You’ve probably come to realize we like to push the envelope with games and projects for our girls. We’re firm believers that there is a solid place in the world of math, science and engineering for both sexes. Whether they’re learning to compose their own music, building objects to save us from zombies or streaming educational documentaries on Netflix, we try to keep them engaged with new challenges and experiences in areas not traditionally considered a “girl thing”.
Both of my daughters (11 and 12) have been bringing home science homework that I remember doing in high school. I guess it is good they’re being introduced to more advanced topics earlier, but it sure does make it difficult to help them with their assignments when I can barely remember what I had for breakfast. What if there was a way for us ALL to learn at the same time, and while playing a game? That’s exactly what we found in this very cool card game from Genius Games – Peptide: A Protein Building Game!
Don’t let the heavy science theme fool you; underneath it all Peptide is an enjoyable card game that will also teach you a bit about amino acids and peptide chains.
Peptide is designed for 2-6 players, ages 13+ and estimated to take around 30-45 minutes, but really should be able to be enjoyed by kids as young as 10. The game is playable even if you don’t have a prior grasp of the chemistry behind the game and will familiarize your child with the terminology they’ll encounter very shortly in their science classes.
The play area is set up with draw piles for Amino Acids, RNA Cards and Organelles. Each round a number of Organelle cards are dealt out equal to twice the number of players. Every player in turn chooses one of the available cards, then a second after everyone has received their first. These cards represent actions to take, so you will be limited in your choices depending on which cards are dealt.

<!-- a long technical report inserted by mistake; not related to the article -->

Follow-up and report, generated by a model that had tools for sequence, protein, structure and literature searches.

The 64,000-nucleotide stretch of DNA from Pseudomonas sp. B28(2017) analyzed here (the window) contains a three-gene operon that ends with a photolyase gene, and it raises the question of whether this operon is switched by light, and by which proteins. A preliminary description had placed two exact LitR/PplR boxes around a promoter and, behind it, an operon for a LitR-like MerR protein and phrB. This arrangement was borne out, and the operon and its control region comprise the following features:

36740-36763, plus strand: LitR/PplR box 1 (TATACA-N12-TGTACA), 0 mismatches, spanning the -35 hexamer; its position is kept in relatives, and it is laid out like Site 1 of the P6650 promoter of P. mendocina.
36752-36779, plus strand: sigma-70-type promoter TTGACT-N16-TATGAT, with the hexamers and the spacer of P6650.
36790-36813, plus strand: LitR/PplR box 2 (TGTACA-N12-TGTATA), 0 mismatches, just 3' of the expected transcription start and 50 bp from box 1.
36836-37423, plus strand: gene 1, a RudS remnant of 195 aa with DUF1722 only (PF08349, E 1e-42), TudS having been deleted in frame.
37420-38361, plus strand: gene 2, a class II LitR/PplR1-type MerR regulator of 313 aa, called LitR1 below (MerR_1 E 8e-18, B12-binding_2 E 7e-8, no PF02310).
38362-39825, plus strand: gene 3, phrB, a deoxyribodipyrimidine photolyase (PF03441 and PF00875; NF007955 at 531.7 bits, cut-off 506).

As an example, the Mitochondria awards you with two ATP energy tokens. Choosing the Nucleus allows you to either select one face-up RNA card, or draw two from the pile and keep one (discarding the other).
The AminoAcyl card requires you to pay two ATP tokens, but allows you to draw two Amino Acid cards, selecting one to keep and putting the other back on top of the pile. These cards have a ‘recipe’ on them which you are trying to complete and gain their corresponding victory points.
Once you have collected the correct RNA cards to complete the recipe on the Amino Acid card, you will then need to get your hands on a Ribosome card (twice). Once to place it in your chain, the second time to score it (discard the RNA cards and flip over the Amino Acid card).
Have I lost you yet? Don’t worry, thanks to handy ‘cheat’ cards, you will always have your options available to you at your fingertips.
Ultimately you’re trying to complete as many of these acids to form a Peptide Chain. The longer your chain, the more points it will be worth at the end. Certain acids are more difficult to collect, so are accordingly worth more victory points.
Peptide can be boiled down to a recipe-collection game, but one that requires good money management (and a bit of luck of the draw). The biology is presented in a way that is not overwhelming, but also not dumbed-down. Getting a feeling of how the RNA Translation process works and using the correct terminology should be the ultimate goal with Peptide. The kids (and you) won’t even realize you’re learning!
For under $25, you get both a well-done card drafting game and a learning tool for everyone in the family. This would make a fantastic gift for the budding scientist or for someone who already has their PhD. Genius Games has a number of other science-related titles to fit almost every field of study. Whether you want to build compounds or molecules or play around with DNA, you should be able to find a perfect theme for yourself or family member. Be sure to follow Genius Games on Facebook and Twitter to see what their next “experiment” will be!